Sunday photoblogging: People’s Vote march

by Chris Bertram on March 24, 2019

People's Vote March 23 March 2019-10

A shot from yesterday’s People’s Vote march to stop Brexit. (There are some other pictures on my Flickrstream of the same event.) We’ve reached a crunch moment when those of us who want the UK to remain in the European Union could win or where we end up with a disorderly exit (followed by a humiliating agreement from a position of weakness).

{ 72 comments }

1

John Quiggin 03.24.19 at 10:39 am

A nice picture. Cheerier than the dismal photos I’ve seen of the March to Leave.

2

harry b 03.24.19 at 1:45 pm

The March to Leave does look like a slight miscalculation. Maybe they can all be given a March 29th commemorative 50p when they reach London. That’ll cost the government a few quid, and the coins’ll be worth twice as much in a few years!

The pictures I’ve seen of the March have been cheery, moving, and lovely. Wish I’d been there. My mum’s favourite placard was “Fromage not Farage”; Andrew Adonis’s was “Don’t blame the Bulgarians or the Romanians, blame the Etonians”. Its always easy to be clever after the fact, but “Don’t blame the Estonians, blame the Etonians” might have been even better, a kind of echoing retort to the Tory anti-semitism directed against Thatcher’s early cabinets.

What was it like being on a big march with no SWP placards? For the 1981 CND demo my main job was to get 25,000 placards made to crowd out whatever the SWP brought.

3

Dipper 03.24.19 at 2:09 pm

I’m glad the sun shone and you all had a nice day, but … aren’t any of you sufficiently self-aware to think twice before you post (not mainly here, mainly elsewhere) about how superior the people on your march are to the horrid people on the other march? Are we proposing replacing voting with a best-dressed march competition? I’m sure there was a previous European regime in the middle of last century that prided itself on the outstanding physiques and superior culture of its adherents over their opponents. Not a good precedent.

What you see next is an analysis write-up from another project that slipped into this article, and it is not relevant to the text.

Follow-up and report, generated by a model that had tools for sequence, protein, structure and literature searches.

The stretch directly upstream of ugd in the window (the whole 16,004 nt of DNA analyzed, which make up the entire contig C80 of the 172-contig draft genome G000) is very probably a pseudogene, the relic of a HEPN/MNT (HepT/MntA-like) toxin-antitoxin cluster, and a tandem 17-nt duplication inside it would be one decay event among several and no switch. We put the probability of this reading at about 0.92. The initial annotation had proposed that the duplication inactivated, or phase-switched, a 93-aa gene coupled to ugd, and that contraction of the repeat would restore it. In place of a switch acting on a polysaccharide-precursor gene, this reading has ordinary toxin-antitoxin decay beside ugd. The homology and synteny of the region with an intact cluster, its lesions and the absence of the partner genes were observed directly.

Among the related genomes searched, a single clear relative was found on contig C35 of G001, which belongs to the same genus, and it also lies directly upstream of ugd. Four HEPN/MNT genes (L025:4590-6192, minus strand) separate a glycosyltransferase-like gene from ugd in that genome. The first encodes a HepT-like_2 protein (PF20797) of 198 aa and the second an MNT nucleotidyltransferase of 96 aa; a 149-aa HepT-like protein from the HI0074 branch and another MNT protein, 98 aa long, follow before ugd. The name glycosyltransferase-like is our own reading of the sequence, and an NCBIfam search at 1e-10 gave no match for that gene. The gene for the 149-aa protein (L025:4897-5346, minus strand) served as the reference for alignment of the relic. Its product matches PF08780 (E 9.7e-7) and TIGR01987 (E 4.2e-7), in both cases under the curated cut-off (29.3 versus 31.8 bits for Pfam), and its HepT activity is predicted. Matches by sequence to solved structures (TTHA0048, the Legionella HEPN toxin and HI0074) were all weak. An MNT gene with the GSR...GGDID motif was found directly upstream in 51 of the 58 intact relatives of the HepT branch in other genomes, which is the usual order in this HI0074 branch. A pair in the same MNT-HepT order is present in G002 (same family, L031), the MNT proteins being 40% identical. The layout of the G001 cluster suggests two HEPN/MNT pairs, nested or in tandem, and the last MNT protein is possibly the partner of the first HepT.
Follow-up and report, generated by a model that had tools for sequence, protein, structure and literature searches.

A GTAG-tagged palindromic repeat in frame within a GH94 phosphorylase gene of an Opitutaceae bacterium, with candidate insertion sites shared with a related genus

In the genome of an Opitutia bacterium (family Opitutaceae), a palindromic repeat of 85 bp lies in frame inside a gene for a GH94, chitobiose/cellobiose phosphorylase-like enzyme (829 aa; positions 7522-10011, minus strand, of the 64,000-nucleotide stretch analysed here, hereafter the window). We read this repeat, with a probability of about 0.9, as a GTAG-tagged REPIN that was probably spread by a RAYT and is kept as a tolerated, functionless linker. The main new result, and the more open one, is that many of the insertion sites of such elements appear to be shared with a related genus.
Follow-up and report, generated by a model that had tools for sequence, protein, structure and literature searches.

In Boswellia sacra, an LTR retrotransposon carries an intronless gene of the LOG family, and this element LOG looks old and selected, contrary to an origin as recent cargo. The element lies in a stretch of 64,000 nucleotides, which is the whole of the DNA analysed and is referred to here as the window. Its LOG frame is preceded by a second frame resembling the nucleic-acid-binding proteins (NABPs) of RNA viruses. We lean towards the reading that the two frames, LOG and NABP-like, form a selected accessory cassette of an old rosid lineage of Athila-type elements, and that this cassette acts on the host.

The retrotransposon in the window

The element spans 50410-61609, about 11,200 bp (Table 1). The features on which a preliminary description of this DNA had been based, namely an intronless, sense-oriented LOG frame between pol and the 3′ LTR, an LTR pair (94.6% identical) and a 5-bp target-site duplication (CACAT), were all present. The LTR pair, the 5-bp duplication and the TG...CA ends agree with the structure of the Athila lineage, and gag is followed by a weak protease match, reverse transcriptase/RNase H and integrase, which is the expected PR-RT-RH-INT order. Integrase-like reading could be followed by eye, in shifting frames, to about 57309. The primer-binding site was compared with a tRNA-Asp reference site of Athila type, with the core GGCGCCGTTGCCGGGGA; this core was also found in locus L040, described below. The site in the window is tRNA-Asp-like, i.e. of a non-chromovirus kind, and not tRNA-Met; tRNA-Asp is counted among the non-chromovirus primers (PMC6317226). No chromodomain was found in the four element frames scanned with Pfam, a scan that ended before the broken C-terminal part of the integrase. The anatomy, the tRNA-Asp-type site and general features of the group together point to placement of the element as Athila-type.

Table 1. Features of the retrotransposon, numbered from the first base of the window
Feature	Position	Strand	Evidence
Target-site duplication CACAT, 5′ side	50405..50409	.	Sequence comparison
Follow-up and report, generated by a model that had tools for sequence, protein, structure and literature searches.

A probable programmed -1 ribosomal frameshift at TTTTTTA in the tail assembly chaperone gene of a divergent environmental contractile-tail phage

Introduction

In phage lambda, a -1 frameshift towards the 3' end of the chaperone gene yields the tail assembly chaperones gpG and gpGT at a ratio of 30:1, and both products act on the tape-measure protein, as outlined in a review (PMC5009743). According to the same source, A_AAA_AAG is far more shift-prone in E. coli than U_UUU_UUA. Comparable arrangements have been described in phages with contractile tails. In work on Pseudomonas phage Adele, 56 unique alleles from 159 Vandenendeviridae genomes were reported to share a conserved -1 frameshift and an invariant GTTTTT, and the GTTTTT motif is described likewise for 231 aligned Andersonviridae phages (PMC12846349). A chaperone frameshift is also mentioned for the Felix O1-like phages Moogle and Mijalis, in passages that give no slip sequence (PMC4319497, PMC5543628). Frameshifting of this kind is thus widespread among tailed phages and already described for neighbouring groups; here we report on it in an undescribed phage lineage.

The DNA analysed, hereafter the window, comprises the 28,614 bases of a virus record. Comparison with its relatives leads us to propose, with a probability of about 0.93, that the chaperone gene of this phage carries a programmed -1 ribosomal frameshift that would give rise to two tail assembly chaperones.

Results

And us Leavers do know what you’re up to. Marches, petitions, it is all about signalling to each other that you are willing to overturn the vote and seize power. No Leaver ever said “I know there are 17 million of us, but perhaps we should make we for those one million on the march.” It isn’t us you are broadcasting your message to.

Did you ever think, when you embarked on your personal road to political left-wing nirvana, that you would end up here? Marching to overthrow the biggest vote in UK history and replace it with rule from foreign powers? That you would be agreeing with big business that a democratic vote should be overturned?

4

Chris Bertram 03.24.19 at 2:58 pm

Ah @Dipper, bless …. Nobody has, until this very moment, posted to say that the people were superior to the horrid ones, though the truth is that the superior were superior in numbers to the horrid by roughly 1,000,000 to 57. Did you ever think that your road to independence and control would put the UK in a position were “foreign powers” were able to dictate terms at will? (no need to answer)

5

nastywoman 03.24.19 at 3:04 pm

”I’m sure there was a previous European regime in the middle of last century that prided itself on the outstanding physiques and superior culture of its adherents over their opponents. Not a good precedent”.

That’s why it is so pleasant to see ALL of these different ”outstanding” individuals from ALL kind of cultures now in GREAT Britain -(especially in London) and about Marches, petitions, it is all about signalling to each other that you people are willing AND able to change their mind – you know – like in the seventies voting for the EU and then in this century NOT voting for the EU – and now there has come a time where people are willing and able to change their mind –
AGAIN!

That’s how democracy works!

6

Harry 03.24.19 at 5:48 pm

“It isn’t us you are broadcasting your message to”
No, its basically Jeremy Corbyn.

“the outstanding physiques and superior culture of its adherents”
Hmm, I wasn’t there, but watching the coverage, ‘outstanding physiques’ and ‘superior culture’ were not words that sprang to mind. And I tend to think I have low-ish standards.

I remember being on a march through a town center protesting against the Falklands War, and a couple of old ladies saying (about me) “well, at least that one’s clean” which, also, seemed to reveal unduly low expectations.

Still, they all seemed jolly nice. Don’t underestimate the value of that, or the costs of resentment-filled anger. If it does come to a vote beyond parliament, your side is going to have to seem to actually care about the people whose votes you’re trying to win, something that might be quite hard for the current layer of apparent leaders to manage. Maybe that’s why it seems to terrify them so much.

7

Murc 03.24.19 at 6:35 pm

I’m glad the sun shone and you all had a nice day, but … aren’t any of you sufficiently self-aware to think twice before you post (not mainly here, mainly elsewhere) about how superior the people on your march are to the horrid people on the other march?

Why should they? They are, in fact, superior to the terrible people in the other march. They should be openly proud about that.

Marches, petitions, it is all about signalling to each other that you are willing to overturn the vote and seize power.